Tasveer Ghar: A Digital Archive of South Asian Popular Visual Culture

Kottokka Devathallu

One Crore and One Goddesses

Joe Christopher and Alice Samson

The vibrant festivities of Bonalu are unique to the Telangana region of Andhra Pradesh. The shrines of the mother goddess around which Bonalu is centered, and the rich tradition of myths and legends that have sustained them through the decades, provide definitions of community organization, religiosity, and belief that are yet to find a place within what has now come to be understood as the modern way of life in India. In this essay, we explore the Bonalu festival and subaltern shrines of Hyderabad as a contemporary critique of the hegemonic yet popular understanding of religion, secularism, and other modern formations in India.

The visuality of Bonalu’s icons, the proliferating oral cultures of its myths, and the seeming absurdity of belief and believers remain a challenge to the rigid, fact based, script oriented rationality that is toted as the normative way to organize life. In examining the repertoire of icons, stories, and practices around the Bonalu festival, we seek to understand the prevailing idea of religiosity in Telangana society in new ways.

Although we have adopted a variety of documentary and ethnographic methods to explore this topic, we term our attempt a narration of the story of ‘non-standard’ Hindu shrines in Hyderabad. As story tellers, we are aware of the multiplicity of views regarding these shrines, some possibly more revealing or informative than ours, but choose to narrate our own take. Our rendition of the contexts and events of Bonalu is informed primarily by the accounts of the people of the city who have been involved in or have been a witness to these phenomena for many years now.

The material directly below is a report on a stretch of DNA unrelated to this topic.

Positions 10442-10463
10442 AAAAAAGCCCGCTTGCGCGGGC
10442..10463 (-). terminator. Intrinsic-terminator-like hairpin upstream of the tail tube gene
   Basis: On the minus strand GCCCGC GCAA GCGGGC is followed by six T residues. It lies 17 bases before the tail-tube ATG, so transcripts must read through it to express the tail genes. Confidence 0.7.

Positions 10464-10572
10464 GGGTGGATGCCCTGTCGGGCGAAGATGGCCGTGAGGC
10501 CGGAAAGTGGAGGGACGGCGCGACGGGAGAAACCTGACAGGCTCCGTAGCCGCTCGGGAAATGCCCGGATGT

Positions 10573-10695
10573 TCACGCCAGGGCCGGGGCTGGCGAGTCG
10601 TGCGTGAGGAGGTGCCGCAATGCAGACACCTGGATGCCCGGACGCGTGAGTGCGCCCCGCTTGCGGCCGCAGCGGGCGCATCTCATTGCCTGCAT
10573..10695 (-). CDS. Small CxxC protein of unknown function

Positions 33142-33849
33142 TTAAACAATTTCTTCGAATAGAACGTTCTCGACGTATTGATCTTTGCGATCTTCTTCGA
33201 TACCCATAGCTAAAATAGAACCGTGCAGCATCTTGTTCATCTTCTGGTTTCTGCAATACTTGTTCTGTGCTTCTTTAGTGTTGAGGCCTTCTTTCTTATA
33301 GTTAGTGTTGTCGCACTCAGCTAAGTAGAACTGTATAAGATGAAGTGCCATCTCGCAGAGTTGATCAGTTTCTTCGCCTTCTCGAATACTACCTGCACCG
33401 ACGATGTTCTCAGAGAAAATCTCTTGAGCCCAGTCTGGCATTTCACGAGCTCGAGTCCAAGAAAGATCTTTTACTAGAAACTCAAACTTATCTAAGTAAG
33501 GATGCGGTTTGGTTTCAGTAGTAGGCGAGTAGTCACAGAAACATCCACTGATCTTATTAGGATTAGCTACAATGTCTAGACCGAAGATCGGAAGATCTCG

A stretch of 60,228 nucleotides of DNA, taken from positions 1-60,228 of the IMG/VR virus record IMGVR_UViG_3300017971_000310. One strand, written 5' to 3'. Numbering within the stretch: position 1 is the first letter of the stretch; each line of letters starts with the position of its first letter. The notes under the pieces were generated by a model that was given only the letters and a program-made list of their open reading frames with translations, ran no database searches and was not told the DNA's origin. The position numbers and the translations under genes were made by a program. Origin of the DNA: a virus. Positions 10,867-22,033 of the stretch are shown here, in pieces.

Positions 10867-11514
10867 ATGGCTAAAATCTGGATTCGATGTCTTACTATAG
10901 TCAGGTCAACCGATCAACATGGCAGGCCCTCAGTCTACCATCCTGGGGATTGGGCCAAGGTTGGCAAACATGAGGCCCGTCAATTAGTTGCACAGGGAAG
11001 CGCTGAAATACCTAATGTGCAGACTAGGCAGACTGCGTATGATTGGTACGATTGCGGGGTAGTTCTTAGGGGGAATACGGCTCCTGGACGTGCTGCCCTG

The two main and interrelated foci of this essay are: (1) the shrines dedicated to the mother goddess that are popular with the subaltern populations of the region (Fig. 1); and (2) the important annual festival of Bonalu celebrated at these shrines (Fig. 2). These shrines remain dormant for a major part of the year. Come mid-July, though, the shrines come alive in all their celebrations and revelry for Bonalu. This is largely a non-Brahminical, immensely popular, local festival, and festivities continue through the first week of August with each shrine celebrating at a grand scale. While the shrines largely lie low for the rest of the year, with the festivities of Bonalu they erupt in religious fervour and take centre stage in the city. Songs blare from microphones attached to street lamps, and various shrines are decked with turmeric paste, neem leaves etc., and devotees throng the numerous small and big shrines across the city. An analysis of the proliferating myths that sustain the shrines themselves is not an easy task, especially because there is practically no literature on them that is accessible to researchers. An even more difficult endeavour is to bring out the vibrancy and richness of the festival and provide a singular account of how it unfolds or the legends behind it.

Shrines of the mother goddess